Collisions happen when birds are unable to recognize the glass in front of them, either because it reflects the sky or because the glass is so transparent and the birds can see through to open space on the other side. As such, solutions implement various ways to make the glass more visible to birds, such as through reflective films or etched patterns, while trying to maintain as much of the view as possible.

Yale and New Haven have both initiated steps to mitigate bird collisions in new construction projects. However, both struggle with their approach for existing buildings because retrofits can be very costly. For example, SOM Director of Facilities Bob Saidi estimated in October that installing protective film at the School of Management would cost at least $560,000.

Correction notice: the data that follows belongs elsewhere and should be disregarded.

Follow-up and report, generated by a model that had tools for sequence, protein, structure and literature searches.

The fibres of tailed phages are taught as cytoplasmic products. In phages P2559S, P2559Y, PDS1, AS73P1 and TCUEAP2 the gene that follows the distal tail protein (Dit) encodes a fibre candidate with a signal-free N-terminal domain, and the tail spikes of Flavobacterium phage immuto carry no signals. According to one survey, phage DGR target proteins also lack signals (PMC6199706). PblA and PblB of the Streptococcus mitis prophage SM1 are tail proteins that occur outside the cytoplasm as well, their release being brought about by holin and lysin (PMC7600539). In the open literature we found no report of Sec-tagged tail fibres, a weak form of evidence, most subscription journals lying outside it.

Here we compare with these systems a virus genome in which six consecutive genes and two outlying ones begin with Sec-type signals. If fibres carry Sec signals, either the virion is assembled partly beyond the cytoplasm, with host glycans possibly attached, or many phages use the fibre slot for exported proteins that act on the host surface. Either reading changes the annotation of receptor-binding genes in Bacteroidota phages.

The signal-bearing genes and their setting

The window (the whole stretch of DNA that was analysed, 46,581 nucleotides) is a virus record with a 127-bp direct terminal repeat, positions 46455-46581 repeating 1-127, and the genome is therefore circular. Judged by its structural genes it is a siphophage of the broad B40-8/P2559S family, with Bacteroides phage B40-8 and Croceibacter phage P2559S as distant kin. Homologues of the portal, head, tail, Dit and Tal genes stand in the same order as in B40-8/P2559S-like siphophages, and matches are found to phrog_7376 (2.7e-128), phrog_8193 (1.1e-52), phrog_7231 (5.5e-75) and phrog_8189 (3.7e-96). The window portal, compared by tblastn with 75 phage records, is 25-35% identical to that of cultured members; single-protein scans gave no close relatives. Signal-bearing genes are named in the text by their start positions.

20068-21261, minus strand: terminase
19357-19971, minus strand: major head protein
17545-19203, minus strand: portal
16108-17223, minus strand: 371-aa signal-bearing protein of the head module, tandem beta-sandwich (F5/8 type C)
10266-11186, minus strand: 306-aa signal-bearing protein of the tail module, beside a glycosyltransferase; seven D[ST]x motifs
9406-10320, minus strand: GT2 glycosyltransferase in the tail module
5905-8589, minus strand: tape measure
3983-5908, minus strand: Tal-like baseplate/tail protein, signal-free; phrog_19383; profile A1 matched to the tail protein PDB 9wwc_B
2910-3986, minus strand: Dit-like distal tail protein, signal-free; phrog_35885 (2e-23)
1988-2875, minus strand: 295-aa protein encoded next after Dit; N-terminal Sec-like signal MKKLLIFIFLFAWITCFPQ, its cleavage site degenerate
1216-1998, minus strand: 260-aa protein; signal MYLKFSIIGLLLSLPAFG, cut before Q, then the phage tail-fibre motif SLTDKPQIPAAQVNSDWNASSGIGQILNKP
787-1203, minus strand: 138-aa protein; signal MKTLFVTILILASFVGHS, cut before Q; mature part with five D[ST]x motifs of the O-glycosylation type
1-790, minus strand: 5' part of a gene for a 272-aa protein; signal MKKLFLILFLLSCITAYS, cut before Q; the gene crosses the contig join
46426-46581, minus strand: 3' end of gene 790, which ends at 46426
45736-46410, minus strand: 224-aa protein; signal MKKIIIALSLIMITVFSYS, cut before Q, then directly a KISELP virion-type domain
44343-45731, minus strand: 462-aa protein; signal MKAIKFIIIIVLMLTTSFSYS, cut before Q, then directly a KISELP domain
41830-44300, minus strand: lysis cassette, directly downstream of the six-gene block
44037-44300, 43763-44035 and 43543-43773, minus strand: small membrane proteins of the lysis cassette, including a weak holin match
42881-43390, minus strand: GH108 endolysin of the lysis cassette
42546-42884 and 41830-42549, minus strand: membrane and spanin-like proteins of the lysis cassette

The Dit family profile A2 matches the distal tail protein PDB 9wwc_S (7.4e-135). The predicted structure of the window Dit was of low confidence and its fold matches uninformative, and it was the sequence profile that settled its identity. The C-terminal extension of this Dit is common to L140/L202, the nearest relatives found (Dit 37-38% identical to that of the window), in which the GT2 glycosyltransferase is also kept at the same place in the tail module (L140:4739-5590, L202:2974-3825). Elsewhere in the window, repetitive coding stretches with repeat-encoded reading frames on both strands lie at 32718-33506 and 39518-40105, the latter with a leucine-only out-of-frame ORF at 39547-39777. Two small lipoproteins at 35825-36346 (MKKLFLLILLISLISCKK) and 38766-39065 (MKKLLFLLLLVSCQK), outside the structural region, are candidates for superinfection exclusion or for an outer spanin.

“Are the buildings on Yale’s campus problematic for birds? Absolutely,” Morris said. “But the problem is not limited to just Yale or to just a few buildings. I think it’s much bigger than that.”

The issue: Bird collisions across the University and the Elm City

According to Morris, the School of Management is a “particularly egregious” example of bird collisions because of its design. She said that a graduate student found 18 bird carcasses lying around the building in May 2020, and that she expects to see similar numbers this May.

In addition to the bird problem at Evans Hall, the Yale School of Architecture’s Rudolph Hall has noticed issues with bird collisions since last year. Associate Dean of the School of Architecture Phil Bernstein ’79 ARC ’83 said that numerous migratory birds crashed into a west-facing window on the seventh floor of Rudolph Hall last spring.